Sunday, December 06, 2009

We Remember


We Remember

Twenty years ago, on the afternoon of December 6, 1989, a man walked into the École Polytechnique in Montreal with a legally-purchased semi-automatic rifle, and killed 14 female students and staff members.

At the time I was working on Polytechnique's first annual fund-raising campaign, running a massive mass mailing to 10,000 alumni on what even then was truly pathetic equipment. I had one 286 laptop and one laser printer that churned out 4 pages per minute and occasionally triggered the fire alarm when it got too hot. The fund-raising campaign was housed in the offices of the Polytechnique Foundation on Decelles Avenue, down the hill from the Polytechnique building on the Université de Montréal campus.

December 6 was a Friday and the first really nasty snowstorm of the season in Montreal. I had a shoebox full of donation cheques in a desk drawer, worth more than $35,000, and I really needed to drop them off at Finance up the hill before going home for the weekend. That was a daunting prospect; the Finance folks took a very dim view of us Foundation yahoos and our little tin-can operation on Decelles, to say nothing of our accounting methods.

Rush hour traffic was a mess in the snowstorm. The cab driver was chatting a mile a minute; I was dead tired and really wished he would shut up. It took us more than 40 minutes to crawl our way up what was normally a 10-minute drive up the hill. The cab was finally pulling into the Polytechnique parking lot when suddenly the thought of explaining my shoebox-filing system to the people in Finance was too much for me. It was a little after 4:00, and suddenly I wanted to be as far away from there as I could possibly get. Home wasn't far, but it would do. The shoebox would have to keep for the weekend. I leaned over and told the cab driver to take me to Édouard-Montpetit on the other side of the hill.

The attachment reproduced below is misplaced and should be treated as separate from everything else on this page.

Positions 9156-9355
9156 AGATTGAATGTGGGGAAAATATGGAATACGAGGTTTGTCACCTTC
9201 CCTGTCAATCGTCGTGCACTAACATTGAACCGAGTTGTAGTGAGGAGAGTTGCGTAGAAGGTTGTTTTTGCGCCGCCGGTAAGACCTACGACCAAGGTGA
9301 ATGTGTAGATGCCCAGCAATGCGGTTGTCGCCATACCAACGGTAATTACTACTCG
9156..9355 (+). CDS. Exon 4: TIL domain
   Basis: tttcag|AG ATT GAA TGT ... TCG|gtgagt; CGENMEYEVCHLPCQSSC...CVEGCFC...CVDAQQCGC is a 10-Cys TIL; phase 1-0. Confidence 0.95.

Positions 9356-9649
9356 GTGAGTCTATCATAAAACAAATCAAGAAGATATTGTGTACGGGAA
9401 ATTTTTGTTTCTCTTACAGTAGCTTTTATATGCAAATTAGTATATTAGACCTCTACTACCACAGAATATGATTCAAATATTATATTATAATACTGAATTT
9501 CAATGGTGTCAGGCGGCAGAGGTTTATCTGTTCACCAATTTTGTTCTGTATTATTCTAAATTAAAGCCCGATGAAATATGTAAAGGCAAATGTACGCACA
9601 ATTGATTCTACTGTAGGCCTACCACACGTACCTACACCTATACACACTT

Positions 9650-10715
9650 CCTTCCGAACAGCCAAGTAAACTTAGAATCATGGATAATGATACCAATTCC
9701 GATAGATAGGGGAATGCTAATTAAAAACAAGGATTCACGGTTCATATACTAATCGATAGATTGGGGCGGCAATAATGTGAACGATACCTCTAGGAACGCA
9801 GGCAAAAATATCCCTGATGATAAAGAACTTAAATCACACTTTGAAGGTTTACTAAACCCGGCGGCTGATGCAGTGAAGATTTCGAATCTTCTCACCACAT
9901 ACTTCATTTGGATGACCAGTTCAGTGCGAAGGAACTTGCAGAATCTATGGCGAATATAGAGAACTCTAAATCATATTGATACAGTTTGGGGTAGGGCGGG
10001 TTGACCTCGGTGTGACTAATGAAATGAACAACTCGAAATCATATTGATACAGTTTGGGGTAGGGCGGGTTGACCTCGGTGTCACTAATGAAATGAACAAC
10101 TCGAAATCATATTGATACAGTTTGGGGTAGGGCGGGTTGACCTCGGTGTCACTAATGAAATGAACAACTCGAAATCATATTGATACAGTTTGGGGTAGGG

I got home, kicked off my boots, fed the cat, turned on the radio, and that's when I heard the news about a madman shooting an automatic weapon at Polytechnique. I didn't have a TV set; all my news that evening were from the radio and the frantic phone calls from friends and family as they heard the increasingly strident reports from Poly. At one point there was a rumour of more than one shooter, then one radio station reported that the gunman was loose in the Côte-des-Neiges neighbourhood, shooting random people on the streets. It wasn't until very late at night that the full story emerged, including the fact that the shooter went through the Finance Department right about the time I should have been there with my shoebox.

In twenty years there have been books and films about the massacre. Scholars have commented, activists have reacted, survivors and families of the victims have lobbied for tighter firearm control in Canada. Various groups have used the events to support wildly divergent positions on feminism and gender equality; others have argued that the shooter was a lone madman and it would be pointless to see any political significance in the events. That the tragedy at least provoked people to think is, I suppose, a good thing; but personally I still can't make any sense of it. Twenty years ago, it's still too close to home.

The CBC archives have a section on the massacre here.

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